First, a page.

Tech & Science Will we travel to work in drones in the future?

23:05  05 january  2018
23:05  05 january  2018 Source:   Sky News

Expert tips from the ‘big end of town’ for dealing with the future customer

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This article first appeared in issue 285 of BBC Focus magazine - for more future technology subscribe here. Space drones . NASA has challenged designers to develop a conventional drone to work inside a space station, navigating with no ‘up’ or ‘down’.

What's Working . Christmas. Travel . Extraordinary Journeys. Fast Food Delivery: Big companies such as Domino's Pizza will be looking to invest in drones for pizza delivery in the future .

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But in the near future , they could become as important to the way we live and work as smartphones have become. What’s missing right now is a developer community making apps that transform drones into new tools that their manufacturers haven’t even imagined.

Drones have tactical limitations, and will not likely completely replace, in the foreseeable future at least, other more conventional forms of weapons. While they have been successful in destabilizing Al Qaeda activities, leading Bin Laden, if we believe reports of his final weeks, to be afraid to traveling

A British entrepreneur developing the UK's first autonomous passenger drone says he'll begin test flights with people on board as early as this year. 

Martin Warner's start-up, Autonomous Flight, has been building the Y6S - a battery-powered pilotless flying vehicle - to give our busiest cities a major transport upgrade.

"One day, absolutely, there's going to be an air shuttle system and people using autonomous passenger drones or indeed piloted drones as another form of getting to work," he told me.

The Y6S - a battery-powered pilotless flying vehicle © Other The Y6S - a battery-powered pilotless flying vehicle

The Y6S is designed to cover a distance of Heathrow Airport to Charing Cross train station in 12 minutes, a journey that could take around an hour by car.

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I asked how he would manage commuters' safety concerns about flying in a vehicle without a pilot.

"There are multiple flight redundancies which is multiple uses of technology to ensure that if there is a single point of failure the aircraft will either land or fly you to where you need to be," he said.

What about the risk of cyberattacks?

Chinese UAV-maker Ehang became the first to test-fly a passenger drone taxi with its single-seater Ehang 184 in Dubai last year © Other Chinese UAV-maker Ehang became the first to test-fly a passenger drone taxi with its single-seater Ehang 184 in Dubai last year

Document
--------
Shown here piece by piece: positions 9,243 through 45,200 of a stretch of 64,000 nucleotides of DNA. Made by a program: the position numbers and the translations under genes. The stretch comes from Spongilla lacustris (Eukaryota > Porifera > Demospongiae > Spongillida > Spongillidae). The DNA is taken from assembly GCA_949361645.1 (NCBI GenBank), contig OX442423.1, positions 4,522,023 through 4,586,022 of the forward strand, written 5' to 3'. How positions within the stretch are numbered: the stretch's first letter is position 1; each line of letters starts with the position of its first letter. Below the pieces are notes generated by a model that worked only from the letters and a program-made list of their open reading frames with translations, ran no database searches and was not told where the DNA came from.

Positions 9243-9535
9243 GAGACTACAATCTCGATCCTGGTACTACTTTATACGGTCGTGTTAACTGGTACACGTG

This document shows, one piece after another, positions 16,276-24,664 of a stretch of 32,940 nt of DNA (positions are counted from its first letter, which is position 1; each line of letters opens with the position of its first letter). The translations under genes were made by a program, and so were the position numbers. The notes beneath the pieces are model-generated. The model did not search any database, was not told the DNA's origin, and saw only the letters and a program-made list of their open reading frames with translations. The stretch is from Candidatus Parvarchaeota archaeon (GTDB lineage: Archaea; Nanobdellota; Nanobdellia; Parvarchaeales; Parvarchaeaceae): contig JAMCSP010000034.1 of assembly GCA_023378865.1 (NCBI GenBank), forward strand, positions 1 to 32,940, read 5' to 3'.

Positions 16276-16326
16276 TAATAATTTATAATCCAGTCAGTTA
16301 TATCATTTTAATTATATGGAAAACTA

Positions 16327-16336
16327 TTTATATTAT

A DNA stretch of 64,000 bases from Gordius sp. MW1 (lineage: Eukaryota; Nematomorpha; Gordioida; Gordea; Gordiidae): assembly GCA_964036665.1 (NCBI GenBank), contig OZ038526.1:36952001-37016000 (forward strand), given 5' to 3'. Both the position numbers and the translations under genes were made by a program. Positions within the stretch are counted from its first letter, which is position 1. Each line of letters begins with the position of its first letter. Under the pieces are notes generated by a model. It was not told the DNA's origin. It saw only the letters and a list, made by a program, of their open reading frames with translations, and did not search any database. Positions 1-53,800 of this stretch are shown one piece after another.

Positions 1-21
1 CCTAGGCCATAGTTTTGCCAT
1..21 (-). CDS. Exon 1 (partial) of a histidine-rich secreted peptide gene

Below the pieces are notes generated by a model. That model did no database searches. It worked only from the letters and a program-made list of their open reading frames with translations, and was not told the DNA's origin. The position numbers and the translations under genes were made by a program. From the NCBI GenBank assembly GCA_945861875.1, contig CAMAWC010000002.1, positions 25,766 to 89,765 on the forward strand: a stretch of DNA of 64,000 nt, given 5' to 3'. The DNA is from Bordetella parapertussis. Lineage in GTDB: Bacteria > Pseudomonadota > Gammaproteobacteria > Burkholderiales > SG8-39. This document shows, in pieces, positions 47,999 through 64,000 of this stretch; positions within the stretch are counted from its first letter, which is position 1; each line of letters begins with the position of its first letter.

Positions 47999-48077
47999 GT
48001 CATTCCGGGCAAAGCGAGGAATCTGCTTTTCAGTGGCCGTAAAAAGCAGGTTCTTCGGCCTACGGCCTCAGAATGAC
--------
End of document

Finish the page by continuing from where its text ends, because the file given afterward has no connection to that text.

He continued: "These are serialised, they're tracked, we're not flying over oceans, they're flying short distances.

"You have to assume that you are one step ahead in terms of encryption and constantly reviewing that."

Early test flights, without passengers, have already been taking place around the Kent/Surrey border, according to Mr Warner, who believes these electric vertical take-off and landing aircraft, or VTOLs, will be the next goldrush in transportation and not as costly as you might think.

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Editor's Note — 'The Silk Road: Past, Present, Future ' travels east to west along this ancient trade route, exploring how traditional culture, arts, and trade have developed in the 21st century. How will we use drones in the future ?

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"The ability to put what we call the Y6S - a two-seater aircraft - in the air for someone to purchase is probably going to be more like a medium price of around $25,000 or £20,000," he said.

There are currently several companies around the world working on pilotless passenger drones but Autonomous Flight is the only firm from the UK.

Chinese UAV-maker Ehang became the first to test-fly a passenger drone taxi with its single-seater Ehang 184 in Dubai last year.

While Uber's deal with NASA to work on its flying taxi project should see testing begin in 2020.

As long as regulatory requirements can be met, Martin says we’ll see passenger drones above UK cities within as little as five years.

He told me he will definitely be on board his Y6S when it takes off for its debut passenger flight this year.

Pictures: Mercedes' parent company is making a big investment in a flying taxi startup — here's what we know

<p> German startup Volocopter <a href=recently secured €25 million ($30 million) investment in a funding round led by Daimler, the parent company of Mercedes-Benz.

Volocopter has designed an electric, flying taxi that will start shuttling passengers around Dubai as part of a five-year testing period with Dubai's Road and Transport Authority. The tests will begin by the end of the year.

Here's what you need to know about the Daimler-backed startup:

" src="/upload/images/real/2018/01/05/p-german-startup-volocopter-a-href-https-press-volocopter-com-index-php-flying-air-taxis-from-german_819643_.jpg" /> Mercedes' parent company is making a big investment in a flying taxi startup — here's what we know

R.I.P. Christmas drones; many already go missing .
Oh Christmas drone, Oh Christmas drone, we cannot seem to find you.The Melbourne residents were visiting family in Georgia when they took the drone for its first spin. It was dark, said Kaitlee Fenno, but the drone had lights so the family assumed it was in the clear.

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